Teyana Taylor says postpartum depression and loss fueled her in ‘A Thousand and One’
Teyana Taylor is already getting heaps of acclaim for her gut-wrenching performance in “A Thousand and One.”
She plays Inez, a mother protecting her son amid the hardship of systemic poverty and a gentrifying Harlem.
Behind the acting, the hurt was real for Taylor.
Filmmaker A.V. Rockwell and star Teyana Taylor open up about their ‘heartbreak letter’ and Sundance prizewinner ‘A Thousand and One,’ opening Friday.
“I was actually six months postpartum when we started working on ‘A Thousand and One,’ so I was dealing with literal postpartum depression,” Taylor said in an interview with Yahoo Entertainment.
Months before filming, the singer-actor-dancer had given birth to her second child with husband Iman Shumpert. Rue Rose Shumpert is now 2. While the couple raised their kids, including 7-year-old Iman Tayla Shumpert Jr., Taylor felt very little space to process the pain of postpartum depression.
“That made Inez very therapeutic for me because I was able to cry out loud for once,” Taylor told Yahoo. “I think I hadn’t been able to do that because when you’re a super mom, that’s all your kids see you as, you’re a superhero all day, every day. So going to the set every day, I was able to put my cape to the side, have my therapy session and just cry out loud.”
Teyana Taylor delivers an astonishing performance in filmmaker A.V. Rockwell’s feature debut, a fascinating portrait of fierce maternal instincts on the streets of Harlem.
And on top of postpartum depression, Taylor said she was mourning the recent deaths of childhood friends, as well as dramatic changes in her childhood home of Harlem, where the film is set.
“[I was] back home to film and then come to find out that a lot of [my] childhood has been erased,” she told Yahoo, echoing other recent interviews, including with The Times, in which she talked openly about gentrification in New York City and the ways the film “A Thousand and One” lays such transformations bare.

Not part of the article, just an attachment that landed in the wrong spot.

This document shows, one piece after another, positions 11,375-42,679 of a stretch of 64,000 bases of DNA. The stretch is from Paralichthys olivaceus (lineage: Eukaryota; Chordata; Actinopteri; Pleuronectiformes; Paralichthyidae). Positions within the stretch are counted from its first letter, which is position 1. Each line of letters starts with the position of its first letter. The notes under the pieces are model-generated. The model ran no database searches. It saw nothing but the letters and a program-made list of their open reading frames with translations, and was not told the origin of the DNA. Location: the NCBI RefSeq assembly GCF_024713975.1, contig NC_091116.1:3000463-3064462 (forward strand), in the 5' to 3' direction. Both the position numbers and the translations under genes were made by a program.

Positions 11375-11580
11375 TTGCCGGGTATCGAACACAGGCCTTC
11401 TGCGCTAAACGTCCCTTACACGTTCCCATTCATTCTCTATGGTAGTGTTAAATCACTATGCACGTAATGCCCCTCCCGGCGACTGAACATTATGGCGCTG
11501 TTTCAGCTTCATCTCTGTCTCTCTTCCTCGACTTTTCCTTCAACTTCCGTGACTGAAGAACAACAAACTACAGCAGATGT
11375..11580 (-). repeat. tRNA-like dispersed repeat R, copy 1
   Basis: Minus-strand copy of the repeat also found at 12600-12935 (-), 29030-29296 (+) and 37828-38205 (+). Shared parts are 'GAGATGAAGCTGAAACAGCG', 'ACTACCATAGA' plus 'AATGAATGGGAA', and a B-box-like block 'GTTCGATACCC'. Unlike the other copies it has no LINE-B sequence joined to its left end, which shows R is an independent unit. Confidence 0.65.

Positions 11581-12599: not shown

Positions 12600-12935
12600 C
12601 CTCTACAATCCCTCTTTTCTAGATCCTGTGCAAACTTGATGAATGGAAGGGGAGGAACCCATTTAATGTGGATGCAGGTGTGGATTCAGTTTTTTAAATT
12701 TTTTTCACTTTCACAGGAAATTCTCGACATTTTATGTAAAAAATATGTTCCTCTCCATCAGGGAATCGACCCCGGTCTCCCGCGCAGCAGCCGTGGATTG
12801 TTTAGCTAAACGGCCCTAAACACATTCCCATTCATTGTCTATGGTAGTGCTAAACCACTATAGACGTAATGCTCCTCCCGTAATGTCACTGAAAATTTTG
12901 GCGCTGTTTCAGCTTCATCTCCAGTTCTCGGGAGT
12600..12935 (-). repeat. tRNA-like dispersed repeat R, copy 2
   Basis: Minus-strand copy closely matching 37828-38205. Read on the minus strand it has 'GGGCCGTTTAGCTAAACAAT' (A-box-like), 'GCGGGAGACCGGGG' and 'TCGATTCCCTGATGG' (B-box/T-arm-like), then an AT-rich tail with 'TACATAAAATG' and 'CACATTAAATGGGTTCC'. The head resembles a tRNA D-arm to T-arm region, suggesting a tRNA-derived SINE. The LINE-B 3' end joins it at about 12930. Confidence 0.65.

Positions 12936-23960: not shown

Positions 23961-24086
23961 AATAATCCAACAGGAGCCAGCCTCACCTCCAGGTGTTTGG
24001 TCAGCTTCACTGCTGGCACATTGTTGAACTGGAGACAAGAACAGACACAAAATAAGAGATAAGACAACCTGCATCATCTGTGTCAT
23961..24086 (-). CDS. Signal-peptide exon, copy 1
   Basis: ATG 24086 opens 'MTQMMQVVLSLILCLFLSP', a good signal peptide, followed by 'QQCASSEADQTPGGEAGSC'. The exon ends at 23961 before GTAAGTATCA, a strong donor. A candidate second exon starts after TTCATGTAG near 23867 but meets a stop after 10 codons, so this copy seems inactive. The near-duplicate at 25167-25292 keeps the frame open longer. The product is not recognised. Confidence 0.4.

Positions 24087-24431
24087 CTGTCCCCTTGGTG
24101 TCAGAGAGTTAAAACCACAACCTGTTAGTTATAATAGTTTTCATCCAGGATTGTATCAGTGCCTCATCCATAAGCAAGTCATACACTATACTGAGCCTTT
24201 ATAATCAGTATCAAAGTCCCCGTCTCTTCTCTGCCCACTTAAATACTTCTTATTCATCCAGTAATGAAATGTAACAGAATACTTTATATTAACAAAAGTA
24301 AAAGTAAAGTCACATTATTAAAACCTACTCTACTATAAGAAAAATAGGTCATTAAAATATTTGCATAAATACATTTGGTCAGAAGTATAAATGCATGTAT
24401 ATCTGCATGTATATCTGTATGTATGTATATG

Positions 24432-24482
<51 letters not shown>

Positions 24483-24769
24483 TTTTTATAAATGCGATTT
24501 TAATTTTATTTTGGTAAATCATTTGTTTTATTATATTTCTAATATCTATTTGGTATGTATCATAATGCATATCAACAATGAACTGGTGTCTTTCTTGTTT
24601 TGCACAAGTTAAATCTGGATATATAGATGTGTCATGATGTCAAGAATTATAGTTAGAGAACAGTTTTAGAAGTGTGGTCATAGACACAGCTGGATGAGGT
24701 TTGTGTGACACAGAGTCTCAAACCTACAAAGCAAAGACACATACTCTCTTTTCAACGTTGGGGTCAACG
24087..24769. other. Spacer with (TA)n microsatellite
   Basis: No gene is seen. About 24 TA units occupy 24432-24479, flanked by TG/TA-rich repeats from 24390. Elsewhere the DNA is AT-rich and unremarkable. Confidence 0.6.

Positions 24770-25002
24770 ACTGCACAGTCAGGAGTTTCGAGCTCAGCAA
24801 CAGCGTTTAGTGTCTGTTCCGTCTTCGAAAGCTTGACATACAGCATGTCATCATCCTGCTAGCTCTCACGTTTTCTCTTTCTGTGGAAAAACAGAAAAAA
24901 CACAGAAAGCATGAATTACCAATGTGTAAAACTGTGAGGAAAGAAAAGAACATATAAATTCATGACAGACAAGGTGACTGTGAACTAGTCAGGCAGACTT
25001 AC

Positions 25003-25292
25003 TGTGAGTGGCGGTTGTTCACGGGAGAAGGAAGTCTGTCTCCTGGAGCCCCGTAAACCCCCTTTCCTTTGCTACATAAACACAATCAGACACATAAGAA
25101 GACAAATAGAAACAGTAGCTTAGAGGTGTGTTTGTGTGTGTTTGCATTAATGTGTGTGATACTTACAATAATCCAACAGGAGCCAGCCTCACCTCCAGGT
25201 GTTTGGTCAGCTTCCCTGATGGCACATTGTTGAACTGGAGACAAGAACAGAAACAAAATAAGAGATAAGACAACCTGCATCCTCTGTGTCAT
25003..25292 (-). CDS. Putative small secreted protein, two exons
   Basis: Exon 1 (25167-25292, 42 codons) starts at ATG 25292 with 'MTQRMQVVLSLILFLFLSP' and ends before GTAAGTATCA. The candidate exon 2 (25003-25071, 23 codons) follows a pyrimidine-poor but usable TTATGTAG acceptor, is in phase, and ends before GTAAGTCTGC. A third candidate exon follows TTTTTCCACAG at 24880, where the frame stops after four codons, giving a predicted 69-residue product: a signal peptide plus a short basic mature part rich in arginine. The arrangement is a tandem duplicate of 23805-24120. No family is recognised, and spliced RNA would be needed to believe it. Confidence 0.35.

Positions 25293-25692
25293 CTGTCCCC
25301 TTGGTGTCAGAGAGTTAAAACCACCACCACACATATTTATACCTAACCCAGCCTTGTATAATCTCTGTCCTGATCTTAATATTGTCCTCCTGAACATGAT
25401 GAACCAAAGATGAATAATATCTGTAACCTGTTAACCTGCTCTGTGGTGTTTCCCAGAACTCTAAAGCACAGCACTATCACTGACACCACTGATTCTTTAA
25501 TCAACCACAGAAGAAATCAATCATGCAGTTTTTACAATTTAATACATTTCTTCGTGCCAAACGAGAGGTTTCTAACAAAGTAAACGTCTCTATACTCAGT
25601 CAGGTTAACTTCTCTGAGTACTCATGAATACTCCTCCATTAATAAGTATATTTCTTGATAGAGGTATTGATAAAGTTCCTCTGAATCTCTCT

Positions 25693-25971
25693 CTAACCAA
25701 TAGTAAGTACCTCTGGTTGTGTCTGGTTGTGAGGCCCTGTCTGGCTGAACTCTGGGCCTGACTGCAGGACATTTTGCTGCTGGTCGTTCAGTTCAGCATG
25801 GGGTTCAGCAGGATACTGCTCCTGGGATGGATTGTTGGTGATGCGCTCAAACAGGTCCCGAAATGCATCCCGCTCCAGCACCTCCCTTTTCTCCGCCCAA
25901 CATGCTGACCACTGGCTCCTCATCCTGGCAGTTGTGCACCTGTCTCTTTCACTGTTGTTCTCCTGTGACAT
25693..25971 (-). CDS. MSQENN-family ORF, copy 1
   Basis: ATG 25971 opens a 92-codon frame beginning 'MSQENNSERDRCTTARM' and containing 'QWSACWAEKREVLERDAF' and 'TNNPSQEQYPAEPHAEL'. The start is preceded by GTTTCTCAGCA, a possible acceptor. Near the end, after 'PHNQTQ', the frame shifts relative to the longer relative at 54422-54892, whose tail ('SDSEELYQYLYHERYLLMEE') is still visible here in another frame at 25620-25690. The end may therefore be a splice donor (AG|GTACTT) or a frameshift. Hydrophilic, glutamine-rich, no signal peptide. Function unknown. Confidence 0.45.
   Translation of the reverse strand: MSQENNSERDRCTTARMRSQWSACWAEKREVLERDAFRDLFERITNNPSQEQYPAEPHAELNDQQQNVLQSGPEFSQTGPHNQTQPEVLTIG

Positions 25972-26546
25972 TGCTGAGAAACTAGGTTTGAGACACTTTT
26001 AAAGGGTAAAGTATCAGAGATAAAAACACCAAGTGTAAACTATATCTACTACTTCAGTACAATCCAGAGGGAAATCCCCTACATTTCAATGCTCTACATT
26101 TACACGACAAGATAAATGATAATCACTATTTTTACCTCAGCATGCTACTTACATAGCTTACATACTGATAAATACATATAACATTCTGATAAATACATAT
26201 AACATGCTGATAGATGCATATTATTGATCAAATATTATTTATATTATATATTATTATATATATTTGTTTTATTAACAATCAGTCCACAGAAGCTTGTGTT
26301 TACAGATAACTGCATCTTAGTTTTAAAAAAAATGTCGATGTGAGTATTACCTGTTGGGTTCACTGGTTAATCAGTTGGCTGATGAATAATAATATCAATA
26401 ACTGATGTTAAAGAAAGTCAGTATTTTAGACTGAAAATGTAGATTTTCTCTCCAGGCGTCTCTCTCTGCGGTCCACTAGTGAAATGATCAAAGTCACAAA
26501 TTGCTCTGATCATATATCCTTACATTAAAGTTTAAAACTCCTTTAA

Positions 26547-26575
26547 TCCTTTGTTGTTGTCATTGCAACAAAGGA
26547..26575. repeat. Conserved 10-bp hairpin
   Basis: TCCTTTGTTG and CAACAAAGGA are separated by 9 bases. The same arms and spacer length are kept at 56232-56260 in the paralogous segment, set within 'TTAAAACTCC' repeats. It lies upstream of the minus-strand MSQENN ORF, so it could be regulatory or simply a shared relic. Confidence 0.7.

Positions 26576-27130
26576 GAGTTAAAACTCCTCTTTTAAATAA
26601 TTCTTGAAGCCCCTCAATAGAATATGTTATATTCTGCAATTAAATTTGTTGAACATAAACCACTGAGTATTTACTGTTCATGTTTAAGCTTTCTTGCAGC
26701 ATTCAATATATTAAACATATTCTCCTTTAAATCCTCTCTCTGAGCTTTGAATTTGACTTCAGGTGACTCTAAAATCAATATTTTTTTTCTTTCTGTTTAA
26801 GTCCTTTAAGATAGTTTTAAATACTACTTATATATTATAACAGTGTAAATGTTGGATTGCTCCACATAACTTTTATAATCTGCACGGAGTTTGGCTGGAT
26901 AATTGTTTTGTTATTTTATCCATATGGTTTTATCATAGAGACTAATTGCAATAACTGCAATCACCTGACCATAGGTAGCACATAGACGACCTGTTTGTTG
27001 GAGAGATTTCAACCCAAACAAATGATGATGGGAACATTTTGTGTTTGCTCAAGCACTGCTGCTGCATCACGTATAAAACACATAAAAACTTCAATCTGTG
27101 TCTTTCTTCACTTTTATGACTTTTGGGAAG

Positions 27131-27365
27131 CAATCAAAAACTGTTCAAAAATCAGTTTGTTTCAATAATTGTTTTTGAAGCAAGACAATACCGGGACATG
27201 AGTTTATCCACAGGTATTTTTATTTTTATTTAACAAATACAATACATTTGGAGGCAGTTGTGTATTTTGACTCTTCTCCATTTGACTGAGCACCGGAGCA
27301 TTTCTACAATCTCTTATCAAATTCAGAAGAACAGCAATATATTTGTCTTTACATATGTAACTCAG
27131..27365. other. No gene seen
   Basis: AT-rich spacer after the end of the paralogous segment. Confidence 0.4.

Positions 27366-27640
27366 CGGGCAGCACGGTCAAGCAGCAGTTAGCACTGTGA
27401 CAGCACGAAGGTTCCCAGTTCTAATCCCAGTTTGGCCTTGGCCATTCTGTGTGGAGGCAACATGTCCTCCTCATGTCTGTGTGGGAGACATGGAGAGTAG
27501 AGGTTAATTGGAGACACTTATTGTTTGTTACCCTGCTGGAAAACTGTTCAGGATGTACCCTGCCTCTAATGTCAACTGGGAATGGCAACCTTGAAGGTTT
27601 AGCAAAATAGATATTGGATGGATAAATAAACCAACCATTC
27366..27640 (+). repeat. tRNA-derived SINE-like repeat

“They romanticize the ‘new’ New York, but if we’re getting kicked out of it, there ain’t nothing cute about it,” Taylor recently told The Times. “Y’all are dressing it up to get us out to put the other people in. There’s nothing beautiful about what’s going on. It’s almost like your childhood is being taken away from you, like history is being erased out of the textbooks.”
The Sundance Film Festival announced their 2023 awards on Friday, with ‘A Thousand and One’ and ‘Going to Mars’ winning top U.S. jury prizes.
The film’s director, A.C. Rockwell, told The Times in January that talking about gentrification was one of her goals in making the movie, which won the U.S. dramatic grand jury prize at the 2023 Sundance Film Festival.
“I really wanted to talk about how New York City changed [when it began to] prioritize commerce over its communities and its residents,” Rockwell said. “Seeing first-hand the impact of gentrification on the Black communities of New York, it felt like we were getting erased and pushed out of the city altogether.”
Taylor has been in the public eye for a decade leading up to the critical acclaim for “A Thousand and One.” She started as a choreographer and dancer before making music as a singer who was signed first to Pharell Williams’ Star Trak Entertainment, then to Kanye West’s GOOD Music.
Representation by people of color as movie leads and film writers has slid back to 2019 levels, according to UCLA’s Hollywood Diversity Report.
More recently, she found solo commercial success with her 2020 album “The Album,” featuring the hit single “A Rose in Harlem.” As an actor she’s found supporting roles in films since 2010 and in recent years has had larger parts in “Coming 2 America” and the upcoming “White Men Can’t Jump” remake. “A Thousand and One” is her first leading role.
Another layer to her performance as Inez is colorism in the Black community, Taylor shared with The Times. She recalled experiences with colorism as a Black woman growing up in New York City and within the entertainment industry. She said that “a lot of the emotions I put onto Inez were real emotions from real triggers.”
“Any type of quiet battles I was fighting or struggles, I was able to pour it all into Inez and really give my all,” Taylor told Yahoo. “And I think that’s what made it so real and authentic, because every single emotion was real. Every single tear was real. Every single scream was real. Every single emotion was real.”
Times staff writer Sonaiya Kelley contributed to this report.
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